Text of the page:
a reasonable belief of (1) the suspect’s dangerousness, and (2) the possibility that the suspect might gain control of weapons inside the vehicle. United States v. Holmes, 376 F.3d 270, 277 (4th Cir. 2004).

We conclude that the officer’s search of the car was lawful. Given the totality of the circumstancesâ€"including Lewis’ evasive behavior and visible nervousness; his presence in a high-crime area at a late hour; the vehicle’s missing tag light; Lewis’ inability to articulate clear answers to simple questions; his numerous prior arrests for breaking and entering and drug and firearms violations; and the officer’s knowledge that Lewis and his passenger generally matched the description of robbery suspects and carried tools consistent with robberyâ€" the officer reasonably believed that Lewis could be armed and dangerous. Moreover, Lewis’ lack of restraint and close proximity to the driver’s side door permit the conclusion that Lewis could access any weapons within the vehicle. See Long, 463(4th Cir. 2007).

Lewis argues that the limitations on an automobile search incident to arrest established by Arizona v. Gant, 556 U.S. 332 (2009), should apply to his case because the officer exceeded the scope of the traffic stop and his seizure was a de facto arrest. Contrary to Lewis’ assertion, the subjective

reasoning of neither the officer nor the defendant is sufficient to convert a Terry stop into an arrest. See Elston, 479 F.3d at 319. We therefore conclude that the limited restraint placed on Lewis prior to the search did not amount to a formal arrest that would trigger Gant’s protection.

Lewis also argues that his incriminating statements were taken following an involuntary waiver of rights pursuant to Miranda v. Arizona, 384 U.S. 436, 475 (1966). Any incriminating statement made during a custodial interrogation is presumed involuntary and inadmissible unless preceded by Miranda warnings. See id. at 467-73; Oregon v. Elstad, 470 U.S. 298, 307 (1985). A defendant may validly waive the rights conveyed by Miranda warnings, including the right to remain silent, if, under the totality of the circumstances, (1) the defendant voluntarily relinquished his rights as â€"the product of free and deliberate choice rather than intimidation, coercion, or deception” by law enforcement; and (2) â€"the waiver [was] made with a full awareness of both the nature of the right being abandoned and the consequences of the decision to abandon it.” United States v. Cristobal, 293 F.3d 134, 139-40 (4th Cir. 2002). Under the first prong, the relevant inquiry â€"is whether the defendant’s will has been overborne or his capacity for self-determination critically impaired because of coercive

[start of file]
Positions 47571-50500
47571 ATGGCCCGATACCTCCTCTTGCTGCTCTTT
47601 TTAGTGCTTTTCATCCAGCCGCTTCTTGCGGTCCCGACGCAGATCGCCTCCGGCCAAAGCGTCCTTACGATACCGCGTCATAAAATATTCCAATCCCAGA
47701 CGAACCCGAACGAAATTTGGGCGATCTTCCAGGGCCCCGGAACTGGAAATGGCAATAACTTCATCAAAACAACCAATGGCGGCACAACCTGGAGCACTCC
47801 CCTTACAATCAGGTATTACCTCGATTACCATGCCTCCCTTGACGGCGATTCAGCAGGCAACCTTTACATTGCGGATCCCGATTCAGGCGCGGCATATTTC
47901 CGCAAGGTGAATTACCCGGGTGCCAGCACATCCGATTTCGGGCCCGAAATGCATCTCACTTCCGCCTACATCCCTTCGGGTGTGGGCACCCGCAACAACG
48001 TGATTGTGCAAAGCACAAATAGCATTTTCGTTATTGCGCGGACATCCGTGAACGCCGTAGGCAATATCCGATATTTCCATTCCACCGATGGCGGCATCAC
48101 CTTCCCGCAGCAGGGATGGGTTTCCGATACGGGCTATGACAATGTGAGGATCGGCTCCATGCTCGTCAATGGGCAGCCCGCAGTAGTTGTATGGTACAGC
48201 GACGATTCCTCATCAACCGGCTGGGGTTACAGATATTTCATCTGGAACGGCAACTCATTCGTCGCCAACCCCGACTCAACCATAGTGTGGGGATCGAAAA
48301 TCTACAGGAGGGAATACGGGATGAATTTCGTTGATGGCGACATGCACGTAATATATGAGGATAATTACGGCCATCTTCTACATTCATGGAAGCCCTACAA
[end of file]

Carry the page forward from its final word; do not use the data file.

police conduct.” Id. at 140 (internal quotation marks and citations omitted).

A confession may be involuntary if â€"obtained by any direct or implied promises, however slight, or by the extension of any improper influence.” United States v. Shears, 762 F.2d 397, 401 (4th Cir. 1985). Police officers are permitted to â€"make some representations to a defendant,” including â€"promise[s] to make a defendant’s cooperation known to the prosecutor,” without effectively coercing a confession. Id. at 401-02. However, promises by government agents must be viewed from the perspective of the defendant to determine whether they are involuntary. Id. at 402 & n.5. Where a defendant reasonably perceives that he has been promised his charges will be dropped in exchange for his confession, the promise is not kept, and the promise constituted the driving force behind his confession, the confession is involuntary. See id. at 401-03 & n.2,4,5; Grades v. Boles, 398 F.2d 409, 412-13 (4th Cir. 1968).

We conclude that Lewis knowingly and voluntarily waived his Miranda rights and that his statements were not the product of coercion or specific guarantees of leniency. Although Lewis felt substantial pressure to confess in exchange for possible leniency, this pressure was internal and not the result of the officers’ actions. Thus, we conclude the district court did not err in denying Lewis’ suppression motion. See

United States v. Mashburn, 406 F.3d 303, 309-10 (4th Cir. 2005); Shears, 762 F.2d at 401-02.

Accordingly, we affirm Lewis’ conviction. We dispense with oral argument because the facts and legal contentions are adequately presented in the materials before the court and argument would not aid the decisional process.